Mysterious Brain Connections

Scientists were recently surprised to find that brains missing a corpus callosum, which links the two hemispheres of the brain, were still able to communicate quite effectively. But how?

What's the Latest Development?

Researchers were recently surprised to find that brains missing a corpus callosum, which links the two hemispheres of the brain, were able to communicate information between the two halves quite effectively. Is the brain capable of using electromagnetic waves to transfer information between hemispheres? Johnjoe McFadden of the School of Biomedical and Life Sciences at the University of Surrey thinks so. He has recently proposed an electromagnetic consciousness theory of the brain.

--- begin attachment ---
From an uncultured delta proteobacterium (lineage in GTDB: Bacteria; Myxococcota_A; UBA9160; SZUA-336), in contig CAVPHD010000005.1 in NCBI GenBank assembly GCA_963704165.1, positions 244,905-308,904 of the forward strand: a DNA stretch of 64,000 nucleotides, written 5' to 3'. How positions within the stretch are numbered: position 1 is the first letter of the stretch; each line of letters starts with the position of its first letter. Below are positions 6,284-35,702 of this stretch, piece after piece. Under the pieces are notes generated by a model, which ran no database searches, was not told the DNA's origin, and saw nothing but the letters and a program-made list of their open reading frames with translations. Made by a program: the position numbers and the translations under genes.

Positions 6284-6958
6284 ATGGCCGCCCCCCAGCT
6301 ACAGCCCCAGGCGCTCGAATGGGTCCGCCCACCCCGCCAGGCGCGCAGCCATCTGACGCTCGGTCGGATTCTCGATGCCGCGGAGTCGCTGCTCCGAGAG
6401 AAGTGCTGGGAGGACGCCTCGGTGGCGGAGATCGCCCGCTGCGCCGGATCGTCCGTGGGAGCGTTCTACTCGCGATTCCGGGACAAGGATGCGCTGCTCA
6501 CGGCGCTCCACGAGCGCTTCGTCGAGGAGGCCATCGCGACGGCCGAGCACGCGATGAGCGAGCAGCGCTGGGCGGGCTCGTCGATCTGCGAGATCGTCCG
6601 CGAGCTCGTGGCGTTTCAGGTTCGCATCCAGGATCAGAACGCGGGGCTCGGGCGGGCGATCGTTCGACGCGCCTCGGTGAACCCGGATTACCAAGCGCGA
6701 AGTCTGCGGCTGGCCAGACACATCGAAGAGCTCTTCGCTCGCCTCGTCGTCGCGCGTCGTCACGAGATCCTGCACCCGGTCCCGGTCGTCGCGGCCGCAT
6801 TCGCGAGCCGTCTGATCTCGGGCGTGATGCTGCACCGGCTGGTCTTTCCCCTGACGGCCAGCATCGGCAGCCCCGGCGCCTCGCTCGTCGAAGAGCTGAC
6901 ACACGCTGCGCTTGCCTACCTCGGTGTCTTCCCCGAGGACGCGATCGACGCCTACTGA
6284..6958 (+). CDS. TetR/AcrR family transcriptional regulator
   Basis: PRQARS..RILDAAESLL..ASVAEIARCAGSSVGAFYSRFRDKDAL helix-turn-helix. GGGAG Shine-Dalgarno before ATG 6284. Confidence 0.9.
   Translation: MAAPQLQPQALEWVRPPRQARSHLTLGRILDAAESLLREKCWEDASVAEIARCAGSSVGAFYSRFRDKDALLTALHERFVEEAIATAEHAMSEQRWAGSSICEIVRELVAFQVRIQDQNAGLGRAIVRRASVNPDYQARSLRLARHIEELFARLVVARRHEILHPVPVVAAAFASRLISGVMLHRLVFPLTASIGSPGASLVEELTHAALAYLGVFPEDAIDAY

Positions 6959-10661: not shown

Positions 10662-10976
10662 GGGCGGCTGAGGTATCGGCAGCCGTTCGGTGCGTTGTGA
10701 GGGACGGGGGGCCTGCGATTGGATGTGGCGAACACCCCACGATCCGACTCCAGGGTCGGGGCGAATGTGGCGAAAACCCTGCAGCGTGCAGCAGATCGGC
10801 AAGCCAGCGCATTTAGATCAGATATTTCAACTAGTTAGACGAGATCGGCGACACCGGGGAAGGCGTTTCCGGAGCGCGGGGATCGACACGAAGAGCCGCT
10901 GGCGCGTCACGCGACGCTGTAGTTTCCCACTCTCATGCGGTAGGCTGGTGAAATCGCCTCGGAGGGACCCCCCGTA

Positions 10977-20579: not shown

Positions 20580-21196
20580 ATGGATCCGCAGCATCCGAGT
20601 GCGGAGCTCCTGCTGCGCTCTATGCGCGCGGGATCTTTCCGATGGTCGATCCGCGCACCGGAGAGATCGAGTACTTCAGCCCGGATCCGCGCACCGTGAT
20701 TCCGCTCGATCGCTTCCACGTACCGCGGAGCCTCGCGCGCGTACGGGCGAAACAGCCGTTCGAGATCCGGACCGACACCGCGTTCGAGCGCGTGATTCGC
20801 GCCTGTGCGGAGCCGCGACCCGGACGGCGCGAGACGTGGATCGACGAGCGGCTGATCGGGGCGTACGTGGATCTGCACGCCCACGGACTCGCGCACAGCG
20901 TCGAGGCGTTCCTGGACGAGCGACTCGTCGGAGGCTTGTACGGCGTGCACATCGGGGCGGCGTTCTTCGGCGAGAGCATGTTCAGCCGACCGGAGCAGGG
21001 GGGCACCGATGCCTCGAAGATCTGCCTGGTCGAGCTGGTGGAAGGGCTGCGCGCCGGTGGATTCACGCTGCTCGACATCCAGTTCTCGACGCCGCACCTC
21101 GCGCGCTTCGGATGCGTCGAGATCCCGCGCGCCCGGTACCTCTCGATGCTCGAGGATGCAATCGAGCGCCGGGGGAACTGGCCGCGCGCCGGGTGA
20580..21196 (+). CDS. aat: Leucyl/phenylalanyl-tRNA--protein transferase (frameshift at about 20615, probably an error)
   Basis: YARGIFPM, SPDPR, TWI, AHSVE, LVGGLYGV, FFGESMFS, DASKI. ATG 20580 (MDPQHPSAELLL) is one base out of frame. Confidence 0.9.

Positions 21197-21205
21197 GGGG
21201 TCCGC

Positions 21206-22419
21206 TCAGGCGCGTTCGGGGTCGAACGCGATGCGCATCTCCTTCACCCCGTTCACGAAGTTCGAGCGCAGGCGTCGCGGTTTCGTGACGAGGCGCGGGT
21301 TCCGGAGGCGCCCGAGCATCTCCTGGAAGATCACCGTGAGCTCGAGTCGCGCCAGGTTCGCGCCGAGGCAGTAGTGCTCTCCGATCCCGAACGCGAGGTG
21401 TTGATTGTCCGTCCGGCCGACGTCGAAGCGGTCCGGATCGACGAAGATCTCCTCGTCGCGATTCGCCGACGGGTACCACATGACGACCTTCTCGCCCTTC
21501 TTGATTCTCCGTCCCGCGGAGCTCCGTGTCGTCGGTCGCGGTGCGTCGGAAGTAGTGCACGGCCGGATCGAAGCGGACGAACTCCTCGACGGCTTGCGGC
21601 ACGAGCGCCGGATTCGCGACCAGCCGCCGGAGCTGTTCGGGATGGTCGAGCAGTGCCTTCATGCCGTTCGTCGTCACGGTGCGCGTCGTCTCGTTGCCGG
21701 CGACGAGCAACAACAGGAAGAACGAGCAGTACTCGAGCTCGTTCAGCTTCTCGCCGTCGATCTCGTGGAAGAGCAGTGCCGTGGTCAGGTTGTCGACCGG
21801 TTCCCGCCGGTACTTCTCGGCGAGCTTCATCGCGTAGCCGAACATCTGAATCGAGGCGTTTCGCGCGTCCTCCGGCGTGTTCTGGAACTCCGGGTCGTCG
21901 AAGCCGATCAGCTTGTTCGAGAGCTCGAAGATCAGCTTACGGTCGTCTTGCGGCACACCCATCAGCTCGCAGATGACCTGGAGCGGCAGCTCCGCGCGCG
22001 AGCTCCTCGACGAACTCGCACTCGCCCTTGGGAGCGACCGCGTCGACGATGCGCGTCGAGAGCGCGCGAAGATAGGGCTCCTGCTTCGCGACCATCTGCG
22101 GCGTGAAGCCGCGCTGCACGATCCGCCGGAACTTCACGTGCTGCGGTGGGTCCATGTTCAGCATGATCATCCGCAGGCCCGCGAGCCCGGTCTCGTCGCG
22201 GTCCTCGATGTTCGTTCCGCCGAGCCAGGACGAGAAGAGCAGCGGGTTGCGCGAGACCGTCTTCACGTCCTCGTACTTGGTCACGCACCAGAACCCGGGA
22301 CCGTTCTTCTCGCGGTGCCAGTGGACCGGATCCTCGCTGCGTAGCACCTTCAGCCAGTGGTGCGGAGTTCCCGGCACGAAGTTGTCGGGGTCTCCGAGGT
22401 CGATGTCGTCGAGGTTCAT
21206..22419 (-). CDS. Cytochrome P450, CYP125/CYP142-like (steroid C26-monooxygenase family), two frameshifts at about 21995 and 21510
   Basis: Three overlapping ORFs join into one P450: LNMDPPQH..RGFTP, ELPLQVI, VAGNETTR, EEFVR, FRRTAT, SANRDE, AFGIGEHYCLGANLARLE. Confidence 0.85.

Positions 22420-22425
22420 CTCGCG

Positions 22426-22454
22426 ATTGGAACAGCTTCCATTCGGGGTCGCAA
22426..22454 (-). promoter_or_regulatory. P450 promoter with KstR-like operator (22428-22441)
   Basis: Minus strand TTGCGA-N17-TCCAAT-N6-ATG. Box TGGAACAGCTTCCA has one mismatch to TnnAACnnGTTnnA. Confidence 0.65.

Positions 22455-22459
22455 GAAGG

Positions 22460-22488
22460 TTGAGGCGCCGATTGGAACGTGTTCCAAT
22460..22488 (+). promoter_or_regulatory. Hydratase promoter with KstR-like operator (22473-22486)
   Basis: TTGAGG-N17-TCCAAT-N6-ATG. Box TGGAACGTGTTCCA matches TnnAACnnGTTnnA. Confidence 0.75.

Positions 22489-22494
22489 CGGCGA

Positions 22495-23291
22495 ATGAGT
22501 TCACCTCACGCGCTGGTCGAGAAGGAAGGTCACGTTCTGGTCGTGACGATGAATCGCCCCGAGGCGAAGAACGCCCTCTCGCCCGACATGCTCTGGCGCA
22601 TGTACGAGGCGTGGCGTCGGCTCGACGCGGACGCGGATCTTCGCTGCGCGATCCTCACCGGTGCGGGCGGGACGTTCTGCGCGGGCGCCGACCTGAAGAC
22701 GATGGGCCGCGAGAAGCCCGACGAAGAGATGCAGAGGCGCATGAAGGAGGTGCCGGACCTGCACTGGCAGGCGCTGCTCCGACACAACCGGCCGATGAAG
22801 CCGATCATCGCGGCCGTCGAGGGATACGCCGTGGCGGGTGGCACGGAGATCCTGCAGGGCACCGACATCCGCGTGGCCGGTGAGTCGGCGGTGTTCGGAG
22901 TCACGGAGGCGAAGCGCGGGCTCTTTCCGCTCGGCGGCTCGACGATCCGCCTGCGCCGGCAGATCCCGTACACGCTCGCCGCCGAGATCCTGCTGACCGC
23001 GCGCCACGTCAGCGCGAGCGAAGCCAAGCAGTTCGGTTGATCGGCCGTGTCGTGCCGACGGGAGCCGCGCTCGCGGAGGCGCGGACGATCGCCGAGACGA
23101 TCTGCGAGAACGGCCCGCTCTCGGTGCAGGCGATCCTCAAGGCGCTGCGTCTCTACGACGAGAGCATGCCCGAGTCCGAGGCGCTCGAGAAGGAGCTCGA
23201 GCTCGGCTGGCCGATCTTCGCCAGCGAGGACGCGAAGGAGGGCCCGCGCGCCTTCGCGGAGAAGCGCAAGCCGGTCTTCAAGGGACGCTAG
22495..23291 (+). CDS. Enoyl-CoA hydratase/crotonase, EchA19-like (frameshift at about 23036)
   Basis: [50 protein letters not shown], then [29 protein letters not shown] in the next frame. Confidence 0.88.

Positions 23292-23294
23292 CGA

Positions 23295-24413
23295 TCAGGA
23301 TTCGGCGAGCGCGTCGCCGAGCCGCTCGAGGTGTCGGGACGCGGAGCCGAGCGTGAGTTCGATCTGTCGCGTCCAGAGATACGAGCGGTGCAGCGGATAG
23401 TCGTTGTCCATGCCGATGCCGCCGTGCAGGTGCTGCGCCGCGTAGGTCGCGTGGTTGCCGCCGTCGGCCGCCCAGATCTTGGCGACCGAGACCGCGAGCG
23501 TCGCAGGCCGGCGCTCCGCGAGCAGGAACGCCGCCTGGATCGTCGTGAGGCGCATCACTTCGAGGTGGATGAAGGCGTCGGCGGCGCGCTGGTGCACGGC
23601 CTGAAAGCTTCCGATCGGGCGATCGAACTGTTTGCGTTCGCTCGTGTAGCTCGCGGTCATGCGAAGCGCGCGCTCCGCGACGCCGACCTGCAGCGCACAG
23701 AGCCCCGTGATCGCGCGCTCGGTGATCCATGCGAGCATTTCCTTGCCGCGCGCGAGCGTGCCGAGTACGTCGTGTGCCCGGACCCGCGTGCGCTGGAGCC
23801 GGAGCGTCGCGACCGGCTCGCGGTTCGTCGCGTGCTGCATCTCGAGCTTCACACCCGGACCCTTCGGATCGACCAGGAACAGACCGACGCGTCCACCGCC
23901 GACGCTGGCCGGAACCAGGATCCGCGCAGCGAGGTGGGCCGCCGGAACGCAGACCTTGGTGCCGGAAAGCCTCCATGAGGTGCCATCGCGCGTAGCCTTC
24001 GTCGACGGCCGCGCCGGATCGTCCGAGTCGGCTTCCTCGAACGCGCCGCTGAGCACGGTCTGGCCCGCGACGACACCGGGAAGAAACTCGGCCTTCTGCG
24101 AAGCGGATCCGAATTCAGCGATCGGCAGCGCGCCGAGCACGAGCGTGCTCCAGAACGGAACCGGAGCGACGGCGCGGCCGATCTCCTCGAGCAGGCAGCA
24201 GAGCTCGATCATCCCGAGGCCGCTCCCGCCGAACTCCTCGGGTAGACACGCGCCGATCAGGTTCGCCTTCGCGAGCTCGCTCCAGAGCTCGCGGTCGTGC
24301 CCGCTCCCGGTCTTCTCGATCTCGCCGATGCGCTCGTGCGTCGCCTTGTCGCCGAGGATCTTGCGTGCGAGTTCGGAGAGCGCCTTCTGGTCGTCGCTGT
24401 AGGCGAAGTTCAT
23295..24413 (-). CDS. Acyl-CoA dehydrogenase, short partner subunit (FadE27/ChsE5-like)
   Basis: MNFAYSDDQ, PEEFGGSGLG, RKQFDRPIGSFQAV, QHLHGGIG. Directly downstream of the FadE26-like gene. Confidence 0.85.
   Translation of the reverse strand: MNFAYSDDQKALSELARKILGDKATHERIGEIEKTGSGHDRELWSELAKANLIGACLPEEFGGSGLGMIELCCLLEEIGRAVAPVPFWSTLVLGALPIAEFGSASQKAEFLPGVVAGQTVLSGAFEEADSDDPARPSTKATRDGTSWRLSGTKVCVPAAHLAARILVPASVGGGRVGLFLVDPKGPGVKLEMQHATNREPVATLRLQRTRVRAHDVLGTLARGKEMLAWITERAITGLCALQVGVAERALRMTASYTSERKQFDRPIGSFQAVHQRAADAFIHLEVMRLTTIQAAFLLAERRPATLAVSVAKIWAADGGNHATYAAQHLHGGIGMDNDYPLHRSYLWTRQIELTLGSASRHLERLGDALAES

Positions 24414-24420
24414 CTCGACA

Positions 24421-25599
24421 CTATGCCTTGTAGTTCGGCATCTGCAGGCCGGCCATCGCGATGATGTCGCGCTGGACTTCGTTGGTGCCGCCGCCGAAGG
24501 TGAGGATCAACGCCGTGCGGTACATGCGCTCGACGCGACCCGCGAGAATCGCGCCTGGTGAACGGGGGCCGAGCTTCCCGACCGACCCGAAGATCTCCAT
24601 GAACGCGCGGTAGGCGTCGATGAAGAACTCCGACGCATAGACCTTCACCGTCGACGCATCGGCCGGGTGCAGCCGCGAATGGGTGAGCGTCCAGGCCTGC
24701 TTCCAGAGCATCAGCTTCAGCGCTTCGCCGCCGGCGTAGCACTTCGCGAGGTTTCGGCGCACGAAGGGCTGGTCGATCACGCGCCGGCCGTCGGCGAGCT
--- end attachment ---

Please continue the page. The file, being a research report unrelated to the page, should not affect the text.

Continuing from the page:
What's the Big Idea?

Human brains without a corpus callosum are relatively rare, occurring approximately once every 4,000 live births. Composed of 200 million axons, it is the brain's largest fiber bundle. Scientists do not currently understand how information is passed from one hemisphere to another without the specialized fibers but they believe the phenomenon may give insight into clinical conditions including autism and schizophrenia. About a third of individuals missing the corpus callosum are also autistic. 

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